How bad will Brexit be for UK farmers, retailers and consumers?

Is Nick Clegg right to assert that the Marmite row is just the tip of the iceberg?

Cows in an English field

Economists believe South African beef will undercut British beef, forcing UK farmers to use the land for something else.
Photograph: FLPA/REX

Will higher tariffs on UK exports to the EU following Brexit be bad for farmers, retailers and the consumer?

Nick Clegg has claimed that quitting the European Union without staying inside the single market will devastate British farming. He said a hard Brexit would be followed by “punishing tariffs” on products including beef, cheese and wine, effectively pricing them out of their biggest export market.

The former Liberal Democrat leader and deputy prime minister warned that reverting to rules governed by the World Trade Organisation (WTO) after the article 50 process has run its course could saddle companies with extra bureaucracy and costs that push them out of business.

In a report published on Monday the Lib Dem MP gives a breakdown of the £11bn worth of agricultural products the UK sells to the EU each year and how they will be hit with an average tariff of 22.3%. This average is constructed from some extreme highs, including 59% on beef, 38% on chocolate, 40% on cheese and and some tariffs that are not so onerous, like the 14% on wine.

Under WTO rules, he says these tariffs will also have to be applied to all imports into the UK until a trade deal with the EU is struck.

“This will cause a significant increase in food prices, compounded by increased costs to producers from extra red tape such as customs checks and labour shortages caused by the end of EU free movement,” he said.

These are the longer-term consequences of a move towards a hard Brexit that has already sent the pound plummeting and import prices rising.

The recent Marmite battle, in which Tesco resisted demands from Unilever to raise prices, is an early skirmish in a battle that retailers will soon begin to lose, leading to the soaring cost of a weekly shop.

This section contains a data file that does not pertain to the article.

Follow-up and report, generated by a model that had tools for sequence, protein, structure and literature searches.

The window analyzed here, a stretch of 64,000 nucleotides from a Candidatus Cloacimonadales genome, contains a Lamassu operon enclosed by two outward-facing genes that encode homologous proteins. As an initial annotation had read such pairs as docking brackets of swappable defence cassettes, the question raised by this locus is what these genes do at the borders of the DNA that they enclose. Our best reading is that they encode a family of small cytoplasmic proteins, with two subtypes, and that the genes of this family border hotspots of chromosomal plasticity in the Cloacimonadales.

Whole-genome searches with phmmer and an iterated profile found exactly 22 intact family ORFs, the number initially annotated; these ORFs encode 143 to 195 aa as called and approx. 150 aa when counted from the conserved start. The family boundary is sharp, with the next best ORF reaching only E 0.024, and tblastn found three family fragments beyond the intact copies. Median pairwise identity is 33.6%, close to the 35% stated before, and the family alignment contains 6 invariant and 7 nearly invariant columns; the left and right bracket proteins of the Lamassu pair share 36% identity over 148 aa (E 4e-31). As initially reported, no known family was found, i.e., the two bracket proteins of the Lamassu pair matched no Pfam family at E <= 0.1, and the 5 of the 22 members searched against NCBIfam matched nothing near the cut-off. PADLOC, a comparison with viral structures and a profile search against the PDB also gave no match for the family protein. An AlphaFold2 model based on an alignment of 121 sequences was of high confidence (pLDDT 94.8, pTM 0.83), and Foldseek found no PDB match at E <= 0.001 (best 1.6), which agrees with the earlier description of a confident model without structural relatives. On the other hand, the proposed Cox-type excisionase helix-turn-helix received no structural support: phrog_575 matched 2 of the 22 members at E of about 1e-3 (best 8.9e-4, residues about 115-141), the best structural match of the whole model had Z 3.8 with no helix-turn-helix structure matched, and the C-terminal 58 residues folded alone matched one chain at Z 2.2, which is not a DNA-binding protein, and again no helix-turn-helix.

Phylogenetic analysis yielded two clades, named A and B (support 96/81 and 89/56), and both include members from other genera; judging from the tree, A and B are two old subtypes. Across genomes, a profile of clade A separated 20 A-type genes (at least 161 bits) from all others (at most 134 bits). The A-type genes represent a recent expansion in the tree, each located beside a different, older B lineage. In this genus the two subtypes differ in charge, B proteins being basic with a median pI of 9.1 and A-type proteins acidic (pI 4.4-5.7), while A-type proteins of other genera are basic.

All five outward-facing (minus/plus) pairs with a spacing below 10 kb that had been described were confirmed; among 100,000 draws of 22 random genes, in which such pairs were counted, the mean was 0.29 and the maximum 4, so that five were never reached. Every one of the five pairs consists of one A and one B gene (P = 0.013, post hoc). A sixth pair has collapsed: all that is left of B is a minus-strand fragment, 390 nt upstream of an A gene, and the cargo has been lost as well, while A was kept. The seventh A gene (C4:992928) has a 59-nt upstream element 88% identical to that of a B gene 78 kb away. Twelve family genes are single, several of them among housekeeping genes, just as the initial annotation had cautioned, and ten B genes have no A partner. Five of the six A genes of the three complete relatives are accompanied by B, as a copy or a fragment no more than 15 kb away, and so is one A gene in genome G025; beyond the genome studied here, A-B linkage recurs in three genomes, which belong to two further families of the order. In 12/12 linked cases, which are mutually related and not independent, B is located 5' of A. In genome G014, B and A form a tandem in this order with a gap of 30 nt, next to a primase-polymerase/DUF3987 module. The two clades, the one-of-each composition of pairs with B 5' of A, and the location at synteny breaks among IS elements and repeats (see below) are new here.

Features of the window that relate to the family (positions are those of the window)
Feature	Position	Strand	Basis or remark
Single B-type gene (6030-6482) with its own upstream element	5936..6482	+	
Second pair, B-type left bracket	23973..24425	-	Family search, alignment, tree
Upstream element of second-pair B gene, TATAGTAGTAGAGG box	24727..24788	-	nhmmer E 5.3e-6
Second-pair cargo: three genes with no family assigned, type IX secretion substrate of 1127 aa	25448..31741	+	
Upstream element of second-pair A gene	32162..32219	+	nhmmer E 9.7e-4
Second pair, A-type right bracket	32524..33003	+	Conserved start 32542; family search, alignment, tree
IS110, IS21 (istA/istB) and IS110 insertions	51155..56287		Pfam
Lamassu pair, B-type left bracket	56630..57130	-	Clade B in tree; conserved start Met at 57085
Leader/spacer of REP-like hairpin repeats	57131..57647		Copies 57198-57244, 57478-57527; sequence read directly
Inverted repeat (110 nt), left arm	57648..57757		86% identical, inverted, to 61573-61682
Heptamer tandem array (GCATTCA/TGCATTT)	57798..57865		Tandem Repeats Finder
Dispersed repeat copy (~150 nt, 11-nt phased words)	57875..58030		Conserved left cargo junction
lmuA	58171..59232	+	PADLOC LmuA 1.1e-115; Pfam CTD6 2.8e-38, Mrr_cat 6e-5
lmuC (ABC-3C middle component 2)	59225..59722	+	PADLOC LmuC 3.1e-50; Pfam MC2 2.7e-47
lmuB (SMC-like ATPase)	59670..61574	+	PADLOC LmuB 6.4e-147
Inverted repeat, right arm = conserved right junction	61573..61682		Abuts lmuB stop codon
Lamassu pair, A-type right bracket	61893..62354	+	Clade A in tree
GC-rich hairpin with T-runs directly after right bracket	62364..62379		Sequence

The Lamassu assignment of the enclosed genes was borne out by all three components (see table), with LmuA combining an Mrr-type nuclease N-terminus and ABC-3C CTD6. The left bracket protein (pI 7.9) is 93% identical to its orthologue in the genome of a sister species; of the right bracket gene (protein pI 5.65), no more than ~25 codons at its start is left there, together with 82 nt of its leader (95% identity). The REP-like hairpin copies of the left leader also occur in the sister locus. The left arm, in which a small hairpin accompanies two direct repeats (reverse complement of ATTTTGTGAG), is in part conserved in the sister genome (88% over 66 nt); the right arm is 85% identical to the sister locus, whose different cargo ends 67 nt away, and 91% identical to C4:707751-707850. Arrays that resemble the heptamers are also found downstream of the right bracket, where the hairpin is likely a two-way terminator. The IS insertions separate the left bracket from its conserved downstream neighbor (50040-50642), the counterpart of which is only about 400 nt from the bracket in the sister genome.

According to Clegg: “It’s clear that Marmite was just the tip of the iceberg,” as food importers either pass on prices or see their profit margins wiped out.

“The only way the government will be able to avoid this outcome is if it maintains Britain’s membership of the single market,” he said.

Will higher tariffs cripple the agriculture industry and lead to higher prices in the shops?

The answer is not as clearcut as Clegg argues. The gains and losses from operating outside the single market are the subject of several studies.

Most economists agree that in the coming months, prices of certain goods will rise. Next, the clothes retailer, said the cost of its shirts and skirts could rise by 5% over the next year, more than eight times the rate of inflation. The company’s boss, Lord Wolfson, said this after a 10% fall in the pound. Sterling has fallen almost 18% since Wolfson, a Brexit campaigner, made his assessment.

Yet, British supermarkets will use their buying power to minimise the impact and keep prices low. They could also increase productivity, which is another way of saying they will try to sell the same amount of stuff with fewer staff.

Clegg assumes the UK would impose retaliatory tariffs that mimic the EU’s, based on a speech by the trade minister Liam Fox. But Economists for Brexit, the grouping that supported Boris Johnson and Michael Gove in the referendum debate, recommend abolishing tariffs, a move that would offset the fall in the pound.

This might be tough for the burgeoning British wine industry and its exports to the continent, and French and Italian wine would flow freely into the UK.

And even if a future chancellor of the exchequer imposed tariffs, once outside the EU, shops could also start to source goods from countries where the tariff is less significant because prices are at rock bottom. That would mean replacing Irish beef with the South African equivalent. New Zealand wine would step in to replace the more expensive Italian and French varieties.

Economists for Brexit agree the agriculture industry will face a challenge. South African beef will undercut British beef as well, forcing them to use the land for something else. But an opportunity opens up to farm organic livestock to achieve higher profit margins or, in the case of low value land that is only farmed to grab a subsidy from the common agricultural policy, left to become wilderness again.

It will mean a huge shakeup that is long overdue, as left-leaning commentator George Monbiot has argued. And the government could use some of the funds repatriated from Brussels to cushion the blow to those farmers worst affected.

Ryan Bourne, head of public policy at the free market Institute for Economic Affairs, said by his calculation the EU’s food was 15% more expensive than the average world price between 2002 and 2011. This is not just the cost of CAP subsidies, but the “overbearing regulation” that Brussels has imposed over the years, though his version of overbearing regulation includes a block on genetically modified food.

If the UK could achieve a little more than half this cost reduction once outside the single market, it would ease the pain of the estimated 8% increase in costs that a study for the National Farmers Union said would take effect by 2025.

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